Continuing with Santiago Borja’s research into architecture as a time device, In the Shadow of the Sun, takes its starting point on the formal and precise disposition of the Royal Military Hospital Kilmainham which is now used to house the Irish Museum of Modern Art, regarding the buildings polar coordinates, and also the homogenous and repetitive architectural language at this site. This repetitive rhythm provokes in the visitor an all encompassing sensation, establishing a circular movement that suggests metaphorically the way in which we conceive time. It is no accident that the courtyard is presided by two time keeping devices, a proper sundial and a clock.
As an almost abstract colour sundial, In the Shadow of the Sun, establishes a subtle remark on the fleeting nature of time and the possibility of perceiving it in an almost literal way. The circular form of the piece echoes the sun’s trajectory from rise to dawn and its inclination corresponds specifically to the biggest angle of sun incidence onto the ground surface. The gap left between the two structural sections of the sculpture acts like a calendar to mark this year’s autumn Equinox on the 23rd of September 2010.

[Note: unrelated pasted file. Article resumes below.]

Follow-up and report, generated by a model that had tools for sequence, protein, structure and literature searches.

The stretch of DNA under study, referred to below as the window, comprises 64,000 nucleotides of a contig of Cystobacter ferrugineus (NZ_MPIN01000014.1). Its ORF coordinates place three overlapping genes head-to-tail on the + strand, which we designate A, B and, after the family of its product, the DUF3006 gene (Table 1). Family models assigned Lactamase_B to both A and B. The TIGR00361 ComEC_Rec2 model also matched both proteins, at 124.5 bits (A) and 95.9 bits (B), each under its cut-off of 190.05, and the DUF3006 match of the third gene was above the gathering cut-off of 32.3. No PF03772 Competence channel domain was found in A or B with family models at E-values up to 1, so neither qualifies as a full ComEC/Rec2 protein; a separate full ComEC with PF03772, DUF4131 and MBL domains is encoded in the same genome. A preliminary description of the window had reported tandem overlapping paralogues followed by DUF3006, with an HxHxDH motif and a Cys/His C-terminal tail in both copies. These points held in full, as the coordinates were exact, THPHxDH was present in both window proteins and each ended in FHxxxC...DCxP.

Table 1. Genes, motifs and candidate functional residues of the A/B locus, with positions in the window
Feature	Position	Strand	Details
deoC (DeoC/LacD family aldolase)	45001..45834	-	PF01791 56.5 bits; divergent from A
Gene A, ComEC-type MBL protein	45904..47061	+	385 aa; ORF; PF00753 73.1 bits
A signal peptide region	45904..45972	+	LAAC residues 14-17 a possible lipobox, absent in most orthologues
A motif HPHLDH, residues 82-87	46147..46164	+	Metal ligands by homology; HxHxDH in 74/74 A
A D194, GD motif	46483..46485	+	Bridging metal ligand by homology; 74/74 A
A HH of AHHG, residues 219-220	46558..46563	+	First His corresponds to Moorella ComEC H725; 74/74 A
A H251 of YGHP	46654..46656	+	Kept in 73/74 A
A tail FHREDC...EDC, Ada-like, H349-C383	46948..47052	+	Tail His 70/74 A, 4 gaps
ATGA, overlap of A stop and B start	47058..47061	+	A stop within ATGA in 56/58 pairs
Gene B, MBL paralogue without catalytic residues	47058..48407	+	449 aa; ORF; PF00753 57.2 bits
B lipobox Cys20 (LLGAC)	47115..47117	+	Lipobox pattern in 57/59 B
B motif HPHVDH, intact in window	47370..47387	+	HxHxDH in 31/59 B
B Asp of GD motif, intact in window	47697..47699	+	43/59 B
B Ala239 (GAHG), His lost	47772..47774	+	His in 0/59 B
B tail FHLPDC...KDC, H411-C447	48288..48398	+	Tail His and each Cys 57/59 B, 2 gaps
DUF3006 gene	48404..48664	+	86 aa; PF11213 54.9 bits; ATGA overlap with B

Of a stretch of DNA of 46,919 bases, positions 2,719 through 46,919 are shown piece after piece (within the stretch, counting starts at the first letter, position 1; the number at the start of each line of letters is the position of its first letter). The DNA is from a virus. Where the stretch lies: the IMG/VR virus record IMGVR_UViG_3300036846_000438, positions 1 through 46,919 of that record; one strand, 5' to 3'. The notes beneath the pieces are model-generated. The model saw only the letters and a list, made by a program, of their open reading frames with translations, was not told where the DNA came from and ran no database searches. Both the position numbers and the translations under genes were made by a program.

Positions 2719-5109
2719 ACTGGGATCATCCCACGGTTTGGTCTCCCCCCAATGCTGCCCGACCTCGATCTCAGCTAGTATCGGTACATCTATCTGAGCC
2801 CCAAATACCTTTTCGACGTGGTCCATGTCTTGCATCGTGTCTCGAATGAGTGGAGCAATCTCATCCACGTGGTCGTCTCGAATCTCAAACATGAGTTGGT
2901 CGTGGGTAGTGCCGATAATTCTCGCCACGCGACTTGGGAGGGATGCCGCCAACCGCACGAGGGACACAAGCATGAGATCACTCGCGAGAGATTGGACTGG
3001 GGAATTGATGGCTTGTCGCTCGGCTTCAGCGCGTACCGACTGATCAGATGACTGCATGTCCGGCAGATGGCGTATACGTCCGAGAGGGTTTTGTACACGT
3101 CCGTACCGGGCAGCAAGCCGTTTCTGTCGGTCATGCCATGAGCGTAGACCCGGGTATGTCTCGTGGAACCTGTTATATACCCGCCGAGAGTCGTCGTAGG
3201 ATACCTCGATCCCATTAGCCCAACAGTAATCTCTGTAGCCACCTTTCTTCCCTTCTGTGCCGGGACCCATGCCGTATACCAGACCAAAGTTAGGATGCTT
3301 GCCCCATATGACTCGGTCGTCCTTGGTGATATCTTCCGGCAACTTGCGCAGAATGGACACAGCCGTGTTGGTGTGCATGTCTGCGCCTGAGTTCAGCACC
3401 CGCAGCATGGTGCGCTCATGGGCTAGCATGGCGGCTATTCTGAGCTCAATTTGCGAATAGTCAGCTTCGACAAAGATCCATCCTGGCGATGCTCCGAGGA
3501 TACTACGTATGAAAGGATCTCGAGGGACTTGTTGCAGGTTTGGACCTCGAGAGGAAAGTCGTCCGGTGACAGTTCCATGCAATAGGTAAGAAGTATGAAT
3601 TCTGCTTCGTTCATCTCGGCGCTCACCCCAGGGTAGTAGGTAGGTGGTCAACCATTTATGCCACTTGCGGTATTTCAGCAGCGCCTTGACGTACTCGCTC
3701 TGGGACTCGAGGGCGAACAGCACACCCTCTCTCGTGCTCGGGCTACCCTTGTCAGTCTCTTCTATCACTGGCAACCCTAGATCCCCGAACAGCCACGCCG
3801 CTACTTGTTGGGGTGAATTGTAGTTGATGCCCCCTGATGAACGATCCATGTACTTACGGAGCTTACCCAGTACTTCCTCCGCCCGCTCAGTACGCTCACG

On the other hand, In the Shadow of the Sun is formed by a colourful band that replicates the commonly used Kodak Colour Chart when photographing still objects, mainly paintings, in a controlled environment. Through this device In the Shadow of the Sun establishes a counterpoint in between the solemn formalism of the Royal Military Hospital and its possibility to become a much photographed tourist postcard. The distortions of the sections that create this band of colour, which is also displayed as a curve in space, allow us to perceive the main façade of the Chapel and the Great Hall as a flat readymade image, a processed image ready to be taken away (snapped) by the fleeting passers by, reinforcing the ephemeral quality of any other significant action.
Borja has a Bachelor Degree in Architecture and a Master on Theory and Practice of Contemporary Art and New Media. Recent projects include Divan, Freud Museum, London 2010; Dècalage, Museo Experimental El Eco, Mexico City 2009 and Halo, Pavilion Le Corbusier, Foundation Suisse, CIUP, Paris 2008. Forthcoming projects include Fort Da, Neutra VDL-Research House II, Los Angeles, October 2010.